Please Note: This article is written for users of the following Microsoft Excel versions: 2007, 2010, 2013, and 2016. If you are using an earlier version (Excel 2003 or earlier), this tip may not work for you. For a version of this tip written specifically for earlier versions of Excel, click here: Generating Unique, Sequential Names.

Generating Unique, Sequential Names

by Allen Wyatt
(last updated September 24, 2016)

3

Steven is testing some software and he needs to feed into the program a bunch of "fake" names. He would like these names to be patterned such as Nameaaa, Nameaab, Nameaac, and so on through Namezzz. This would require creating 17,576 names (26 x 26 x 26). He wonders if there is an easy way to generate all these names in Excel.

This sort of repetitive task just cries out for a macro. (They are great for doing boring, dull, repetitive tasks that you don't want to do manually.) Listing 1 shows a simple macro that can do the required grunt work.

Listing 1. CreateNames macro.
Sub CreateNames()
    Dim i As Integer
    Dim x As Integer
    Dim y As Integer
    Dim z As Integer

    i = 1
    For x = 97 To 122
        For y = 97 To 122
          For z = 97 To 122
              Cells(i, 1) = "Name" & Chr(x) _
                & Chr(y) & Chr(z)
              i = i + 1
            Next
        Next
    Next
End Sub

The macro uses three variables (x, y, and z) to serve as "counters" that control which letter of the alphabet is appended to the "name" stuffed into a cell. Notice that the For ... Next loops range from 97 to 122, which are the ASCII codes for lowercase a through z.

If you don't want to use a macro for some reason, type the following formula into cell A1 of a blank worksheet:

="Name" & CHAR((ROW()-1)/676+97)&CHAR(MOD(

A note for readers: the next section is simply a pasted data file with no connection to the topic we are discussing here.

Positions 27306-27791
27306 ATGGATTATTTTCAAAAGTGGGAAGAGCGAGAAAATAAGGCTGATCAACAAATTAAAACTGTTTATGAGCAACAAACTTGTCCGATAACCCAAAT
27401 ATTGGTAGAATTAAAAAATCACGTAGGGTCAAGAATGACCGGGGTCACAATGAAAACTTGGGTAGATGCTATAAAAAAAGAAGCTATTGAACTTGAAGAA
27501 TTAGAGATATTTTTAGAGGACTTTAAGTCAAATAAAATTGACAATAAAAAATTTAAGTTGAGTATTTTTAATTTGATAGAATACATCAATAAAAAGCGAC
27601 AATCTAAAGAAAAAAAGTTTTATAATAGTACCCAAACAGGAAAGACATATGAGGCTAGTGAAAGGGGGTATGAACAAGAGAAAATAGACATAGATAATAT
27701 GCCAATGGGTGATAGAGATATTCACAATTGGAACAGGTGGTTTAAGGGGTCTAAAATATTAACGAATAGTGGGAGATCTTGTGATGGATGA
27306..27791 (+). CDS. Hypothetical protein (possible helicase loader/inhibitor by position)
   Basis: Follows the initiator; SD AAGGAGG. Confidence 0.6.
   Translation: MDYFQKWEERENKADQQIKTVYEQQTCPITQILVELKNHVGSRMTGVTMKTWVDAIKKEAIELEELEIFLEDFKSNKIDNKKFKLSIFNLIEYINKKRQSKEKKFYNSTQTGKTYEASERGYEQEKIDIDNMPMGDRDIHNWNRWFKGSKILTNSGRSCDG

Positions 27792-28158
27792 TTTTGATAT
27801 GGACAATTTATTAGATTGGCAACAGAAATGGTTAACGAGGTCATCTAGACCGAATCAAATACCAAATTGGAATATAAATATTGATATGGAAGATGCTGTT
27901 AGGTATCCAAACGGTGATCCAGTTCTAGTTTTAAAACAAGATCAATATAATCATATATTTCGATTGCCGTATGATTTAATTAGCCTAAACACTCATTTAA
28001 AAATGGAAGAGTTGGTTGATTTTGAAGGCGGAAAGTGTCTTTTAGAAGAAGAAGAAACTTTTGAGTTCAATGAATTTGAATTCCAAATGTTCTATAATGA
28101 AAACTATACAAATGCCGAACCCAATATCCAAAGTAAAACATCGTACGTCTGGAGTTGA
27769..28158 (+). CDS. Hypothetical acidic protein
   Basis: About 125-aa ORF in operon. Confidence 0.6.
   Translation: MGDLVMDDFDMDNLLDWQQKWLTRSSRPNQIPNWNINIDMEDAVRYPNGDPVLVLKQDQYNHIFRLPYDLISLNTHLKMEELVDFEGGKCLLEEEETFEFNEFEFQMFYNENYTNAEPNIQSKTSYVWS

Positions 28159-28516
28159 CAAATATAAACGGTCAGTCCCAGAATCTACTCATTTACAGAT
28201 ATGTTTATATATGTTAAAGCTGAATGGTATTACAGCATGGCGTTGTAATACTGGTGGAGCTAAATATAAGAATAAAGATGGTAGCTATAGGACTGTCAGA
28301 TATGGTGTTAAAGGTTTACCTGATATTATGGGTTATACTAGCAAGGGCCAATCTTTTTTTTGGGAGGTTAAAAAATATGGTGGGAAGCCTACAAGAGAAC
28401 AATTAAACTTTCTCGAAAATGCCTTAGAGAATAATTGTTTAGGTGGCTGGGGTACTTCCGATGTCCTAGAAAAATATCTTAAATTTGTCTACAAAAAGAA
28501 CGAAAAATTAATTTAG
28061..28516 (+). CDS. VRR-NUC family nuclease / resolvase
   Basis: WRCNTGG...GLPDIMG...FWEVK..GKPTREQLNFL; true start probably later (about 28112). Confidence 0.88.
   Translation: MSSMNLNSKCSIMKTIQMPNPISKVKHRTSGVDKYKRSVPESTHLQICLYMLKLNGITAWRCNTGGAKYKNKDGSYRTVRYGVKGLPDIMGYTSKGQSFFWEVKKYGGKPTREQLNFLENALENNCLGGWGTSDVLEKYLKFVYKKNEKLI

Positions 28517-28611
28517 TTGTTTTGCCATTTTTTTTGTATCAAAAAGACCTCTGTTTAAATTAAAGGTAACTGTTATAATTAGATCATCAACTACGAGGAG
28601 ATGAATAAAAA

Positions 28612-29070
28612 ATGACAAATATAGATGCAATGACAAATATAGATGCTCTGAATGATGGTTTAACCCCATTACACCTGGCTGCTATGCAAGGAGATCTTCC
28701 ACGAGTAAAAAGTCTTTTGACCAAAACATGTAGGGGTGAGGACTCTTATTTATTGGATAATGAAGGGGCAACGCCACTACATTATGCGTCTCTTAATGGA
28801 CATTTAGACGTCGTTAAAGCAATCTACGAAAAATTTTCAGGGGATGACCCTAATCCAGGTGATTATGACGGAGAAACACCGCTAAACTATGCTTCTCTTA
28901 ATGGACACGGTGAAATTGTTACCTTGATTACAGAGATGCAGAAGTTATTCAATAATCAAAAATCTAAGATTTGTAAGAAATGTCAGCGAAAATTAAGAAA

(ROW()-1)/26,26)+97)&CHAR(MOD(ROW()-1,26)+97)

This is a single formula, and it results in "Nameaaa" being displayed. Copy the formula down through row 17,576 and you'll have your fake names.

Note:

If you would like to know how to use the macros described on this page (or on any other page on the ExcelTips sites), I've prepared a special page that includes helpful information. Click here to open that special page in a new browser tab.

ExcelTips is your source for cost-effective Microsoft Excel training. This tip (12129) applies to Microsoft Excel 2007, 2010, 2013, and 2016. You can find a version of this tip for the older menu interface of Excel here: Generating Unique, Sequential Names.

Author Bio

Allen Wyatt

With more than 50 non-fiction books and numerous magazine articles to his credit, Allen Wyatt is an internationally recognized author. He is president of Sharon Parq Associates, a computer and publishing services company. ...

MORE FROM ALLEN

Including a Data Table with Your Chart

Microsoft Graph allows you to display both your chart and data, if desired. All it takes is to make a simple change to a ...

Discover More

Changing Chart Types

Want to change an existing bar chart to a different type of chart, such as a line chart or a column chart? It's easy to ...

Discover More

Capturing a Screen

A picture is worth a thousand words, but getting the pictureâ€""particularly a screen shotâ€""into a workbook may seem ...

Discover More

Program Successfully in Excel! John Walkenbach's name is synonymous with excellence in deciphering complex technical topics. With this comprehensive guide, "Mr. Spreadsheet" shows how to maximize your Excel experience using professional spreadsheet application development tips from his own personal bookshelf. Check out Excel 2013 Power Programming with VBA today!